Classic Hollywood: Cicely Tyson will never settle

Cicely Tyson plays Nana Mama in movie "Alex Cross."
(Rick Loomis, Los Angeles Times)

Cicely Tyson has refused to compromise during nearly six decades in film, turning down roles she thought were two-dimensional, stereotypical depictions of African American women.

When she turned down one such role, and a well-paying one, she says she was told, “It was a foolish thing to do.”

“I said I have never — and never will — just work for money because I would end up on the psychiatrist’s couch and all the money would go to him. I would rather have my peace of mind.”



Even as a young actress, Tyson was unwilling to settle. When she was cast in 1963 as the secretary in the office of a New York social worker (George C. Scott) in the CBS dramatic series “East Side, West Side,” Tyson thought her character should wear her hair natural, not straight. But audiences at the time were ill-prepared to see an actress with an Afro.

“I wish I had kept the bags of negative mail because of the way I was wearing my hair on the show,” she says with a smile. “I tore them up and threw them away.” And, she kept the hairstyle.

A warm, gracious woman, Tyson, 78, is sitting in a suite at a Beverly Hills hotel discussing her latest film, “Alex Cross,” a police thriller starring Tyler Perry. Based on James Patterson’s successful series of mystery books, “Alex Cross” stars Perry as Cross, a police detective turned FBI profiler. Tyson plays Cross’ grandmother, Nana Mama, a former teacher and principal, who raised him and acts as his conscience.

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Since the late 1950s, Tyson has astonished audiences with her remarkable performances, notably as the wife of a sharecropper in 1972’s “Sounder,” for which she received a lead actress Oscar nomination; the 1974 TV movie “The Autobiography of Miss Jane Pittman,” for which she earned two Emmys playing a 110-year-old former slave who drinks from an all-white water fountain; as well as 1977’s “Roots,” 1978’s “King,” 1994’s “Oldest Living Confederate Widow Tells All,” for which she also won an Emmy, and right up to 2011’s “The Help.”

The former magazine model who was born in New York City and raised in Harlem keeps her home base in New York but frequently visits Los Angeles. She was married once, to legendary jazz trumpeter and composer Miles Davis from 1981 to 1988.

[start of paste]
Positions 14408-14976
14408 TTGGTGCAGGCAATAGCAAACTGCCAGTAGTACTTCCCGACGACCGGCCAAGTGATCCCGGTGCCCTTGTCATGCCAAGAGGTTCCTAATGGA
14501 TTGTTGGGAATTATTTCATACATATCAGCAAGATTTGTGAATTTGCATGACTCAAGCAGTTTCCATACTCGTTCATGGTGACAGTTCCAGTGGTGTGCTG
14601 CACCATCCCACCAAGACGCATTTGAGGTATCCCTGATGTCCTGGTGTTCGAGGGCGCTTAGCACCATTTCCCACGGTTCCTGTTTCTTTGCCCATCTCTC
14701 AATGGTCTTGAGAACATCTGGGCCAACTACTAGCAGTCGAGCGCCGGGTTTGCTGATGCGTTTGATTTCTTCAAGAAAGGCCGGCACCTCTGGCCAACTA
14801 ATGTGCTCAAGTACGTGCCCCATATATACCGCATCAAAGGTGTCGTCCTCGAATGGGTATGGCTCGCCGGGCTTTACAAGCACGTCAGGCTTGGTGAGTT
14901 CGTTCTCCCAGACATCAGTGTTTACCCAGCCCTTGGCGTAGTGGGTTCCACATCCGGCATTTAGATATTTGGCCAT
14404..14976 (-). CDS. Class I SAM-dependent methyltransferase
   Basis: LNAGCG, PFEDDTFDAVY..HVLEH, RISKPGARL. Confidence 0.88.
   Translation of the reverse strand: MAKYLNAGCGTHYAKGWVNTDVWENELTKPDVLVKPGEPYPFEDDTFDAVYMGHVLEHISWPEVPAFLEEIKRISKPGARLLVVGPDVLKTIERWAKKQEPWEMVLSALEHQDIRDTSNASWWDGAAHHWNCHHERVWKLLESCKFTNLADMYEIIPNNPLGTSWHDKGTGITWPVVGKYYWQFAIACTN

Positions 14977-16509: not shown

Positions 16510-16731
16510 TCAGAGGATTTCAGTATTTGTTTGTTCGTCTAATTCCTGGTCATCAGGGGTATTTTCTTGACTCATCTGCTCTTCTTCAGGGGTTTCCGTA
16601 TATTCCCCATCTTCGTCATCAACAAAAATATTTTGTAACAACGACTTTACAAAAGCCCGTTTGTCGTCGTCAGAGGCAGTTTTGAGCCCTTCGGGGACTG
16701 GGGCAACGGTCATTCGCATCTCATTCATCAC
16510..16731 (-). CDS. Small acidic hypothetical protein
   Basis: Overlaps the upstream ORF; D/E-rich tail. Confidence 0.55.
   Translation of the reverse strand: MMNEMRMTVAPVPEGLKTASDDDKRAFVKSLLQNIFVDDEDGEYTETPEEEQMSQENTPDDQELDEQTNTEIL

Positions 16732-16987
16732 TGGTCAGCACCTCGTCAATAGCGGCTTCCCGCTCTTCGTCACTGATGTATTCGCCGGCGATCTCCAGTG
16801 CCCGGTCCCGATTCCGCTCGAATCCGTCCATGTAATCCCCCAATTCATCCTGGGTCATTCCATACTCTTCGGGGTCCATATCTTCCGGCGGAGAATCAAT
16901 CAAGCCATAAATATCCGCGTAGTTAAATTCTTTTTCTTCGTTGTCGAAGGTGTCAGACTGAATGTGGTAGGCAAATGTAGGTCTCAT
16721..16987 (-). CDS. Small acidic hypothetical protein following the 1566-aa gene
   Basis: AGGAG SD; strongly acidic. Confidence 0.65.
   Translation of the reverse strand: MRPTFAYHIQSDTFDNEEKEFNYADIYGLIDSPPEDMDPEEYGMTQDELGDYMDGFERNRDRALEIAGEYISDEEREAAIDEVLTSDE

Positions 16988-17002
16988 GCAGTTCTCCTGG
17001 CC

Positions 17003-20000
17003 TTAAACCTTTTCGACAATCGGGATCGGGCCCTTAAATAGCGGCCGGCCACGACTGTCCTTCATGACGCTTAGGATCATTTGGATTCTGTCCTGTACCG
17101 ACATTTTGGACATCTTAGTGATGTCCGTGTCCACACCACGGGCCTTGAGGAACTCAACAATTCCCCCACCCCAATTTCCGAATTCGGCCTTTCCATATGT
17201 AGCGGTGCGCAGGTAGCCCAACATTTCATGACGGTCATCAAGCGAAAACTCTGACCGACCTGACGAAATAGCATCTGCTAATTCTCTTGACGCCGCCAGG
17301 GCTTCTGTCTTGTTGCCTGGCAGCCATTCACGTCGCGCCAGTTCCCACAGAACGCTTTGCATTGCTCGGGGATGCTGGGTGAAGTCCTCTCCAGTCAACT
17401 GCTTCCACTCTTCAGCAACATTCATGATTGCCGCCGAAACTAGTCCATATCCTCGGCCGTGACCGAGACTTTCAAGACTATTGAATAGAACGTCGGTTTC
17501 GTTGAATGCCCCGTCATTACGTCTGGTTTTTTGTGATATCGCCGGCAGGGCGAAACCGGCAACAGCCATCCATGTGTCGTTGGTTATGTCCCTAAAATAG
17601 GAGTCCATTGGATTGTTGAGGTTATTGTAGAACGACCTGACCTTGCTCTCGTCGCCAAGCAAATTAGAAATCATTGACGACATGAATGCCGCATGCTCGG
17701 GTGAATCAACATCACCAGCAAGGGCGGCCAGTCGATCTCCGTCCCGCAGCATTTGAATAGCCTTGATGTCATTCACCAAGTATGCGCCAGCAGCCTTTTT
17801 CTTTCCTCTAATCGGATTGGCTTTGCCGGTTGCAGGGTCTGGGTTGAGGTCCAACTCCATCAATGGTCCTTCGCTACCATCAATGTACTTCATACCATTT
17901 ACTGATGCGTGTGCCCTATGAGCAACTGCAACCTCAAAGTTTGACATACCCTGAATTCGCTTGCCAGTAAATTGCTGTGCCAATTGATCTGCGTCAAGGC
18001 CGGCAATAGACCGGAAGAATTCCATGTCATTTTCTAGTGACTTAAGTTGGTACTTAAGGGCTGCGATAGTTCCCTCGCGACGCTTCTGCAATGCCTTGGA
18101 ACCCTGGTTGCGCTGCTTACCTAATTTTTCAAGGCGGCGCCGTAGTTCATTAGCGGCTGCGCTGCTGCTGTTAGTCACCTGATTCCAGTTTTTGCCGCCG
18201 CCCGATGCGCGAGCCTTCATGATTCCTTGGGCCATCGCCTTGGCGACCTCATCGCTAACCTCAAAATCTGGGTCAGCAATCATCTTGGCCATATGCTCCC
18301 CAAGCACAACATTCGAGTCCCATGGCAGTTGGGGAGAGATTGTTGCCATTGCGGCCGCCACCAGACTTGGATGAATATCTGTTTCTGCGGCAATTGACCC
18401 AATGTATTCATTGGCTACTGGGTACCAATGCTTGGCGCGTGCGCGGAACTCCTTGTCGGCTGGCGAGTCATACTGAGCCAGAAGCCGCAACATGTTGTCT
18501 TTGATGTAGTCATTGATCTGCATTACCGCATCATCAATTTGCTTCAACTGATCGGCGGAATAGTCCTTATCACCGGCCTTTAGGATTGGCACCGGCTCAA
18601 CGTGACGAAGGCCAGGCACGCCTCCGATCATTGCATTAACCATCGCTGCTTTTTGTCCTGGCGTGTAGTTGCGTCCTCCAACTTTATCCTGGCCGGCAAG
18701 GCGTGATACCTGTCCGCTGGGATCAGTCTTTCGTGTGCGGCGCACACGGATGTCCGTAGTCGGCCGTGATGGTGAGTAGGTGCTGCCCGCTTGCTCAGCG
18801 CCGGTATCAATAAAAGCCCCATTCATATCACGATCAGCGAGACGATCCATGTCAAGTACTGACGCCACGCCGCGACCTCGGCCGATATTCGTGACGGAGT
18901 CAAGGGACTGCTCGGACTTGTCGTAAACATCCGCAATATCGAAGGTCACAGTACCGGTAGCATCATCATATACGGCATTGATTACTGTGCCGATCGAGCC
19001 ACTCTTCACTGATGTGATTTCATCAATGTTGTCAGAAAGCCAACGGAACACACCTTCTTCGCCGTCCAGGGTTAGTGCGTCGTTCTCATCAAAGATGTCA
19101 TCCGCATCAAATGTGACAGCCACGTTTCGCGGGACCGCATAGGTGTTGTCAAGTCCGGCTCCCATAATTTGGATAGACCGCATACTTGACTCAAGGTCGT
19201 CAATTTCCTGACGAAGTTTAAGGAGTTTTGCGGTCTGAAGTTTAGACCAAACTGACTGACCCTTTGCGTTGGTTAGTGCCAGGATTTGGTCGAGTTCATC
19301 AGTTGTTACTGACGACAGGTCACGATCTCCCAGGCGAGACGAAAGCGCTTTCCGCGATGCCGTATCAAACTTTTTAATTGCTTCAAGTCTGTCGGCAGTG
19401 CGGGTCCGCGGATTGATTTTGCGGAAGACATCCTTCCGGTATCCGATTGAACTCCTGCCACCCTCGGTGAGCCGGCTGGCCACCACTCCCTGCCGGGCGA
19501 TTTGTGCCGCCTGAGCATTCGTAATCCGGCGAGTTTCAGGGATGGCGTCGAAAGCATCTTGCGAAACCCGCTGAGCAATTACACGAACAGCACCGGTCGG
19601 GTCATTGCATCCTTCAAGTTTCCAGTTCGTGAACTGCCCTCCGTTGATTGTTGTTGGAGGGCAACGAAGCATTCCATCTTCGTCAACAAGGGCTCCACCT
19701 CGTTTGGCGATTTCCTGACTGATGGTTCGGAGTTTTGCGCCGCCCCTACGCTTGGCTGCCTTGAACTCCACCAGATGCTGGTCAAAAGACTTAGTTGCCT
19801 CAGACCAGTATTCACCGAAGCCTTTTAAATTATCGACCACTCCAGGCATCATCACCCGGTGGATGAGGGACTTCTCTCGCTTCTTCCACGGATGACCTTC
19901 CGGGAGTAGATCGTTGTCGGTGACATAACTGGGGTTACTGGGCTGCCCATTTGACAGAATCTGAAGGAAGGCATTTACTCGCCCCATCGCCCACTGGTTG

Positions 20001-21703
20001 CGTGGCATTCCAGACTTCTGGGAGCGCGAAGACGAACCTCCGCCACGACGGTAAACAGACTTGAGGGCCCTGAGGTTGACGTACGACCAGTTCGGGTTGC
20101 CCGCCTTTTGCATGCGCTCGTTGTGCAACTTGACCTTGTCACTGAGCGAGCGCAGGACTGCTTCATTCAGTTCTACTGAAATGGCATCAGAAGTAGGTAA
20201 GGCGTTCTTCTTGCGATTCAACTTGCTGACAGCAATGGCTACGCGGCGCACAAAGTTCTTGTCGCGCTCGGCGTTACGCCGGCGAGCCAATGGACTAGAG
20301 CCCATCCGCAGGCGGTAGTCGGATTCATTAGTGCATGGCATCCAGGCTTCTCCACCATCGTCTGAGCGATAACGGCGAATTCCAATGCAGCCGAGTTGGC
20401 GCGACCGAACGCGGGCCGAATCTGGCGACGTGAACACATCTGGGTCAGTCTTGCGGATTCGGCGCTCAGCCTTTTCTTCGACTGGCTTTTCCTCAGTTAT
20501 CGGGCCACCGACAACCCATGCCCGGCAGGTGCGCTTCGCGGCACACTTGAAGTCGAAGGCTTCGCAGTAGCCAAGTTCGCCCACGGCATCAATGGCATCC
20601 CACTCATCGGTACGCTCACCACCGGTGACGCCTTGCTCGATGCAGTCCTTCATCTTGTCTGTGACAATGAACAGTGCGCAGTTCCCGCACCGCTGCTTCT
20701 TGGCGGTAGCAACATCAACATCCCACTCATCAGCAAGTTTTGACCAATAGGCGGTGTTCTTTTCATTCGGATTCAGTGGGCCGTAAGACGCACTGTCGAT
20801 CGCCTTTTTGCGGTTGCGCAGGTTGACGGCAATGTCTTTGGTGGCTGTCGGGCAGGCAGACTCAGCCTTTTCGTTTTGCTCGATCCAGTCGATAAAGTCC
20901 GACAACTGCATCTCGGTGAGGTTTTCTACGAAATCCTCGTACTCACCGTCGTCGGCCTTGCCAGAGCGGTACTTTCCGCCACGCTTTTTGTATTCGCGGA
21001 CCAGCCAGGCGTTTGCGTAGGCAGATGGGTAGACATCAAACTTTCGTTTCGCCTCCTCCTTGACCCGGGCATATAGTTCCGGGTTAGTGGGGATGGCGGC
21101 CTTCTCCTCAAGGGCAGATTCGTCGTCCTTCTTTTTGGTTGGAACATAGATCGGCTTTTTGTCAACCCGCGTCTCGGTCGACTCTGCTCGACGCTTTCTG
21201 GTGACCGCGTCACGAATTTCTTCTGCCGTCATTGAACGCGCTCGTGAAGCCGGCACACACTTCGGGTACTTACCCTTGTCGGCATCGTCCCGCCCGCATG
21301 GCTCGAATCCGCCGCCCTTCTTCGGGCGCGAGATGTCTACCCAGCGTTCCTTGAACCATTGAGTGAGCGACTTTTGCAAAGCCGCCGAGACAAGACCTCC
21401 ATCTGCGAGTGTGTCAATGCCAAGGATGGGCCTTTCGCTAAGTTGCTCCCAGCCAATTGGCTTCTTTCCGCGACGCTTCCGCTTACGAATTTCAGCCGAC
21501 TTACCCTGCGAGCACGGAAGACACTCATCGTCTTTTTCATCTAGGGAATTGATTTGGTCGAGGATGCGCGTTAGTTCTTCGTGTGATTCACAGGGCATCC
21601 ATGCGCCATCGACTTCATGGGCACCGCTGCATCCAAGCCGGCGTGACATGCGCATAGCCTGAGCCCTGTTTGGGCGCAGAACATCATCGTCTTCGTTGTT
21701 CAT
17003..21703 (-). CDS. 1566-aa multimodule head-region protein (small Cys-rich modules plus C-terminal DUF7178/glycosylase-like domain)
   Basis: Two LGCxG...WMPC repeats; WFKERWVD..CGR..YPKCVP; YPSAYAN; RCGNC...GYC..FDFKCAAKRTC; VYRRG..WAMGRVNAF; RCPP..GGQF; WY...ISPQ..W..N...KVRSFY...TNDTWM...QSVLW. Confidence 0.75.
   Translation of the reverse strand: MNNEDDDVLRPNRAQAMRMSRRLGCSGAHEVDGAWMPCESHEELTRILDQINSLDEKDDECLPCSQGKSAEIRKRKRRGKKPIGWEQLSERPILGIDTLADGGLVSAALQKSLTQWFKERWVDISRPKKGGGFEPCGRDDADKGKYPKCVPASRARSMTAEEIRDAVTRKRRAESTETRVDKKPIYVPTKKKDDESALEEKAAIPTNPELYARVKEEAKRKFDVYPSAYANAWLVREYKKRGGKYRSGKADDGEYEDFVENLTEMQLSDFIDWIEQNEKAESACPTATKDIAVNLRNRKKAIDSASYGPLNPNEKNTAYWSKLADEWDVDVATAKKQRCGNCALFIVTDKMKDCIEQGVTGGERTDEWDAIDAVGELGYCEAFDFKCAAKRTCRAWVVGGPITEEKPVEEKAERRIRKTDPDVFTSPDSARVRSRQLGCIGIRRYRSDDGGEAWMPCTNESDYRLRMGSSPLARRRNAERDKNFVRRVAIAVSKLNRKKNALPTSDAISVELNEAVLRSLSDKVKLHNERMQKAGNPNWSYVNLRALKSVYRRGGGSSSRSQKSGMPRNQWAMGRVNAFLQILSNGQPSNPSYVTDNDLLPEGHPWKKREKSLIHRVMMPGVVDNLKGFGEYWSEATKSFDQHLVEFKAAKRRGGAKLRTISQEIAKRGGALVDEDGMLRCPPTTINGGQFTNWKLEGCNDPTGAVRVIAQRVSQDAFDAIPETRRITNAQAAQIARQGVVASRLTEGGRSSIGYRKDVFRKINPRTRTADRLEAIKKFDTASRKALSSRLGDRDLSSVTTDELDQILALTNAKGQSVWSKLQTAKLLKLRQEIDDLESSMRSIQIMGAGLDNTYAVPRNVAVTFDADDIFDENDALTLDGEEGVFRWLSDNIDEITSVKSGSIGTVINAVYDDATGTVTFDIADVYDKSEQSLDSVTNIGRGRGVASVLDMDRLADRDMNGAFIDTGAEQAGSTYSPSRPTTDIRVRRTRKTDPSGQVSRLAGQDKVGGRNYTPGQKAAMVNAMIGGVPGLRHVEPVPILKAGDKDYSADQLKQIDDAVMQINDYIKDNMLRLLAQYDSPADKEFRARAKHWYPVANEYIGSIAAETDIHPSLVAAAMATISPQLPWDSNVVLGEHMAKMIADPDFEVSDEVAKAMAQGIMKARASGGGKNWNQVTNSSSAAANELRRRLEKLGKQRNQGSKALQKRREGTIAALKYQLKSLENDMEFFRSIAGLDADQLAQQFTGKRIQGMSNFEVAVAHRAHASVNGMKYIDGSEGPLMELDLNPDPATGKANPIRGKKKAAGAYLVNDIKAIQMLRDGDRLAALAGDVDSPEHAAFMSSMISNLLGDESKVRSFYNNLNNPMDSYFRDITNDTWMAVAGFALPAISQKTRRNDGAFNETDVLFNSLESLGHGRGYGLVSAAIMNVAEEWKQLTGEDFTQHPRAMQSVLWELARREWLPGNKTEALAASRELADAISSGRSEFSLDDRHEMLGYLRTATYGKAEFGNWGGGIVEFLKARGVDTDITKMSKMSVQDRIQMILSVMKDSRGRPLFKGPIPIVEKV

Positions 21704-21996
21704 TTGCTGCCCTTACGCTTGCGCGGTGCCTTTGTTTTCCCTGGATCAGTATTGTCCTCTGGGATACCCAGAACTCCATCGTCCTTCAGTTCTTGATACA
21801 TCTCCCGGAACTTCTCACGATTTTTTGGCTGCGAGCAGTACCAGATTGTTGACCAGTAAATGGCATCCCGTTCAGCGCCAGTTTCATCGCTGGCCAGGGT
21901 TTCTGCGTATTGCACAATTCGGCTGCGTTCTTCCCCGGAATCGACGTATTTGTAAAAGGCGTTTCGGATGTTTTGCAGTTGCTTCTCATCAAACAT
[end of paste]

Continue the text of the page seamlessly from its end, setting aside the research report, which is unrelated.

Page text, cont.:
Her accolades go beyond her performances. In 1995 the board of directors of a magnet middle school in East Orange, N.J., renamed the facility the Cicely Tyson School of Performing and Fine Arts. The school not only has thrived, it has expanded to serve pre-kindergarten through high school. And her involvement goes beyond the name.

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“Do I go there a lot?” when asked about her participation. “They are my passion. Proud? There is no word to describe how I feel.”

Tyson has appeared on-screen with Perry previously, costarring in several of the filmmaker’s movies, including 2005’s “Diary of a Mad Black Woman” and 2006’s “Madea’s Family Reunion.”

“Alex Cross” is far from those comedies that feature Perry in drag as the fast-talking, opinionated Madea. It’s an unlikely movie for Tyson, a violent action-thriller that in one scene finds Nana Mama pleading with Cross not to go rogue to avenge the death of a family member.

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In fact after reading the script, she says, she told director Rob Cohen that the film “was not her “cup of soup. This is too violent.”

But Cohen saw only the elegant Tyson in the role.

“I wanted her because ever since saw her in ‘Sounder’ and ‘Miss Jane Pittman,’ she seemed to me to be the epitome of powerful womanhood,” he says.

“I wanted a woman who could stand toe to toe with Alex Cross. She is the only thing preventing him from stepping onto the slippery slope of revenge to get this guy. It just seemed like Cicely had it all — she had the gravitas, the wicked sense of humor and the presence to pull that off.”


His persistence — and her strong bond with Perry — wore her down. Even so, there’s a good chance Tyson won’t be seeing “Alex Cross” on the screen.

“I don’t usually watch myself,” she says, smiling. “The gratification comes in doing it — constructing another being.”

Because she doesn’t go to her films, Tyson was shocked when she earned strong praise from her small but poignant role in “The Help,” as Constantine, Skeeter’s (Emma Stone) beloved childhood maid who is unceremoniously fired after years of service.

“Oprah sent me this incredible array of flowers with a note that said, ‘Your performance blew me away,’” says Tyson. “I am thinking, ‘What did she see?’ Then Tyler sent me another big basket of flowers and I thought, ‘What are you looking at?’ I am in the film about a split second.”


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